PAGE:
Writing Forums

Writing Forums is a privately-owned, community managed writing environment. We provide an unlimited opportunity for writers and poets of all abilities, to share their work and communicate with other writers and creative artists. We offer an experience that is safe, welcoming and friendly, regardless of your level of participation, knowledge or skill. There are several opportunities for writers to exchange tips, engage in discussions about techniques, and grow in your craft. You can also participate in forum competitions that are exciting and helpful in building your skill level. There's so much more for you to explore!

How do you become more prolific as a writer? (2 Viewers)

Status
Not open for further replies.

Taylor

Staff member
Global Moderator
This is the question that preoccupies my mind right now. Trying desperately to finish my novel, I only seem to be able to push out 200 - 1800 words a day. I can’t figure out what my limitation is, but this is my attempt at an explanation:

I’m someone who heavily plans everything in life -- I’m a 100% “J” on the MBTI scale. When I first started writing fiction, if you had asked me if I was a ‘planner’ or 'pantser’, I would have hastily said, “planner!” However, I have learned that I am much more on the pantsing side. Although I have a very definite plotline as a skeleton to work with, I have no idea what I’m going to write.

For example, in Chapter 36, MC-A needs to fly from Las Vegas to the Hamptons to meet MC-B. They are both there to attend a charity event. At that event, clues are revealed through conversations of the event guests. That’s all I have to start with. So I just place MC-A on a private jet and then think about what might go through her head. She thinks about how different the two places are and compares them. As she runs through her thoughts, I try to portray an innovative message that ties into the theme. To do this, I must research the two places, so what I am saying is accurate, and then I dig deep into my own understanding of the two destinations and their unique qualities. I also must craft a realistic discussion that MC-B overhears, and hits on the key subjects but is still compelling to read. I run through various versions in my mind, hoping to come up with something clever or humorous.

I have always been an over-thinker, so this process is natural for me, but it takes time and can be exhausting. There must be a better way!

Any techniques you have used to increase daily production?
 
Last edited:

Cephus

Senior Member
I plan just about everything. I know every aspect of the book before I write a single word. All of the hard stuff is up front, all I'm doing is filling in the prose. It's how I can get out 100k+ words a month. I get up every single day, I know what I have to accomplish and I don't stop until I'm done. I refuse to stop before I hit 5k a day on a normal writing day. Ultimately, all of that comes from many, many years of experience. I just keep getting faster as time goes on.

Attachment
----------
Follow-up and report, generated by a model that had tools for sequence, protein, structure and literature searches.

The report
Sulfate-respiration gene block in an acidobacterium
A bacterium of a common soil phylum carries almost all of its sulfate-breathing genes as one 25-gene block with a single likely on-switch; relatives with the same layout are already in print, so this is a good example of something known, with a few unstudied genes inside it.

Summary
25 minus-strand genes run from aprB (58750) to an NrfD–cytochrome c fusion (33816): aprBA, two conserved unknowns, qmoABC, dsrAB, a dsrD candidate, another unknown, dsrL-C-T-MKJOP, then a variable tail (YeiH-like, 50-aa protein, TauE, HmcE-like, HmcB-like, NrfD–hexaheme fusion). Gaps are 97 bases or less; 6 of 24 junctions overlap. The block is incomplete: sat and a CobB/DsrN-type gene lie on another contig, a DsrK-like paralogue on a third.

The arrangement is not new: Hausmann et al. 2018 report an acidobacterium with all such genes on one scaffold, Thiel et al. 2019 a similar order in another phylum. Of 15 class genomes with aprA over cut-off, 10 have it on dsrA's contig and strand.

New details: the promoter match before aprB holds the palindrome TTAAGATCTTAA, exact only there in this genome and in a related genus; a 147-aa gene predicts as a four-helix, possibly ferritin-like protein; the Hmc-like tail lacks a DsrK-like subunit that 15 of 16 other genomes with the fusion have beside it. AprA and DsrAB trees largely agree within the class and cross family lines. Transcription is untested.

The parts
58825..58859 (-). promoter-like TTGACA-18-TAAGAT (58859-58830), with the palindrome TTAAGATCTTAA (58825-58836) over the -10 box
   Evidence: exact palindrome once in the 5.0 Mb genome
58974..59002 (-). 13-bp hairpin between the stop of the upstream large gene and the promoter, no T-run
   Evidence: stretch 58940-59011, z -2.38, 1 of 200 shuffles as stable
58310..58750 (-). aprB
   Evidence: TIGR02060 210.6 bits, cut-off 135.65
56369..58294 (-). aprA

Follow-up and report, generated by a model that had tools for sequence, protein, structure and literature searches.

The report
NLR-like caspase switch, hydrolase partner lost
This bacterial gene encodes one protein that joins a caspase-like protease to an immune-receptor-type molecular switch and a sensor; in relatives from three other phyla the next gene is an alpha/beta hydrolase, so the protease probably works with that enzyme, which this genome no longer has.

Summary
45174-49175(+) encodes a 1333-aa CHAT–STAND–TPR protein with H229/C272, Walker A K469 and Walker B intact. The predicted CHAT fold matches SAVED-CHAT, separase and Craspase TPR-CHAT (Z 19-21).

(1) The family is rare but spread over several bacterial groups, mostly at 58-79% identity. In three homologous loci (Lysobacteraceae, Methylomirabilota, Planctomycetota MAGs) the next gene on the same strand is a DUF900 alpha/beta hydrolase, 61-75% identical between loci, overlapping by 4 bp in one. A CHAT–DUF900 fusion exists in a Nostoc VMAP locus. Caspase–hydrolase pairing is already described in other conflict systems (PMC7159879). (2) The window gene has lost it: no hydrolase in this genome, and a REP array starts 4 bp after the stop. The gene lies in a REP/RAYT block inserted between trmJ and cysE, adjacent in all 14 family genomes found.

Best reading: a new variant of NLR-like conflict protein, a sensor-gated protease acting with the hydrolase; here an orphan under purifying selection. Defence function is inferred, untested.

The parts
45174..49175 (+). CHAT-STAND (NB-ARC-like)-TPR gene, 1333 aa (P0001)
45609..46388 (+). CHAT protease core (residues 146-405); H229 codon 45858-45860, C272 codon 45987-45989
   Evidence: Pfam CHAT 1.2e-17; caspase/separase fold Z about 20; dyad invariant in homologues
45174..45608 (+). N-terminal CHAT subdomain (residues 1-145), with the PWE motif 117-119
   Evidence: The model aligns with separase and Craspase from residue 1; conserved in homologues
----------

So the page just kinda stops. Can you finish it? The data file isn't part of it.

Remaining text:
Most of that comes down to dedication and having the background to get it done. Most production writers that I know, they all had to earn it over a long period of time. You know your capabilities and you continually push yourself to get better.
 

Taylor

Staff member
Global Moderator
I plan just about everything. I know every aspect of the book before I write a single word. All of the hard stuff is up front, all I'm doing is filling in the prose. It's how I can get out 100k+ words a month. I get up every single day, I know what I have to accomplish and I don't stop until I'm done. I refuse to stop before I hit 5k a day on a normal writing day. Ultimately, all of that comes from many, many years of experience. I just keep getting faster as time goes on.

Most of that comes down to dedication and having the background to get it done. Most production writers that I know, they all had to earn it over a long period of time. You know your capabilities and you continually push yourself to get better.
That's amazing! I do appreciate that experience plays a big role in this. But I do think that being more of a planner would also make it easier. It just seems like a lot to think about all those scenarios and conversations upfront. I will have to devise some sort of structure to capture ideas before actually writing the prose. Any suggestions welcome. :)

The other thing I'm hearing from you is willpower. Perhaps that is something I lack. To push on even when you are tired. That's a learned skill

It's great to hear from you Cephus, as I know you are one of our most prolific writers. Although, you provide no magic solution...lol!
 

indianroads

Staff member
Global Moderator
I'm REALLY impressed by Cephus's post. Wow... I don't have anywhere near that throughput. If I can get a thousand words a day, I'm happy.

Like Cephus, I plot heavy - a full page of bullet points for each chapter. Having that keeps me focused and prevents a wandering story line.

The thing is though, writing shouldn't be a race. Whatever you get done in a day is fine, but I think it's important to write everyday. Treat it like a job, be serious and dedicated to producing a good quality story. What keeps me focused is loving the story.
 

indianroads

Staff member
Global Moderator
[...]

The other thing I'm hearing from you is willpower. Perhaps that is something I lack. To push on even when you are tired. That's a learned skill

It's great to hear from you Cephus, as I know you are one of our most prolific writers. Although, you provide no magic solution...lol!